Additional Resource

Latter-day Saints and Environment

By Elder Patrick Kearon

This address was given at the Global Faith Leaders Summit in Abu Dhabi, United Arab Emirates, on Monday, November 6, 2023. See a news summary of the event.

Elder Patrick KearonDownload Photo

Esteemed faith leaders, beloved brothers and sisters,

I am honoured to stand before this distinguished gathering. At a time when the world is driven in many directions, torn by strife and political differences, we want to send a clear message: as people of faith, we are united to care for humankind and the world around us. Dialogue among those of the varying religious, cultural, and worldviews represented here today is key to solving the complex challenges that lie before us.

As we gather, our prayers are for those afflicted by natural disasters, armed conflicts, poverty, and the environmental challenges around the world today. The Church of Jesus Christ of Latter-day Saints, which I represent, recognizes our responsibilities for the earth. Russell M. Nelson, the President of the Church, who was unable to attend this summit, has said that “as beneficiaries of the divine Creation …We should care for the earth, be wise stewards over it, and preserve it for future generations.” 1

The earth, a sacred creation, is entrusted to us, and is meant to bless humankind. We are stewards, not owners, of this earth.

A colleague of mine recently said, “We have the power within us to not only maintain, but to be co-creators with God in beautifying and replenishing the earth. In doing so, we not only show our reverence and love for God, the Creator, but love for His greatest creation—each of us, humankind.” 2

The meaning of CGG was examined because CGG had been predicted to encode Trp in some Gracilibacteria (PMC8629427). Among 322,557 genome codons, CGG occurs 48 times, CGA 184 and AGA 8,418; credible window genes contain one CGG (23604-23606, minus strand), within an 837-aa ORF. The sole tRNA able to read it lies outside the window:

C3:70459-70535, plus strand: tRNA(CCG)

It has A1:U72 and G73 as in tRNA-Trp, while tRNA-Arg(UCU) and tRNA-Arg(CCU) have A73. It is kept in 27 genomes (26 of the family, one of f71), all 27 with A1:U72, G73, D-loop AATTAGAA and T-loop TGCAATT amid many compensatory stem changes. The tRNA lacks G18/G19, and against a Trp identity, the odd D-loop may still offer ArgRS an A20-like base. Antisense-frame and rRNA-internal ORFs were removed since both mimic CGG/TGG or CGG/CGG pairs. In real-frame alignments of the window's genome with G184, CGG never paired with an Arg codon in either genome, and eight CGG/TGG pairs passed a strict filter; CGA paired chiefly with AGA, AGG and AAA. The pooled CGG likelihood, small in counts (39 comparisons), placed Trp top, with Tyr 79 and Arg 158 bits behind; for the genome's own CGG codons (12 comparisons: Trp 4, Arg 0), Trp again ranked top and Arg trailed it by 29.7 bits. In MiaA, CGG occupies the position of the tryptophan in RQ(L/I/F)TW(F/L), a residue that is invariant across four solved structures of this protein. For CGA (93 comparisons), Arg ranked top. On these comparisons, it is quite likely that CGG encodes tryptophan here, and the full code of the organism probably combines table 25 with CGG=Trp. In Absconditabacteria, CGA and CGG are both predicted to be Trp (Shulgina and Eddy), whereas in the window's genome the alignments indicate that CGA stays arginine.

My faith suggests that, if we are to preserve the earth in its bounty and beauty, a great part of this work will be done within the walls of our homes, within our families. If the family fails in this regard, other institutions will have a difficult, if not impossible, task to make amends. No other institution, not government, not the school, not the media, not religious faith communities, can fully compensate for failure to teach good earthly stewardship in the home. Environmental policies should incentivize the maintenance of strong families. Parents can teach children at a young age to be environmentally conscientious. Parents, assisted by faith communities, can teach and show that the responsible use of resources is a way of respecting all humankind, of caring for our brothers and sisters the world over.

We will do better as we think of the future for our children and grandchildren. We will focus not only on what is best for us but also what will be best for them and their children.

As we formulate and propose policies, let us be sure to integrate the family, its power and its vulnerability, into a central place in our discussion.

A unified effort—where governments, faith and community leaders, media, industry, scholars, and families work together—is the way to achieve the noble goal of revitalizing the earth and the greater human family. May we accept this as a sacred charge.

Thank you for your attention.

 1. “The Creation,” Ensign, May 2000, 86

Style Guide Note:When reporting about The Church of Jesus Christ of Latter-day Saints, please use the complete name of the Church in the first reference. For more information on the use of the name of the Church, go to our online Style Guide.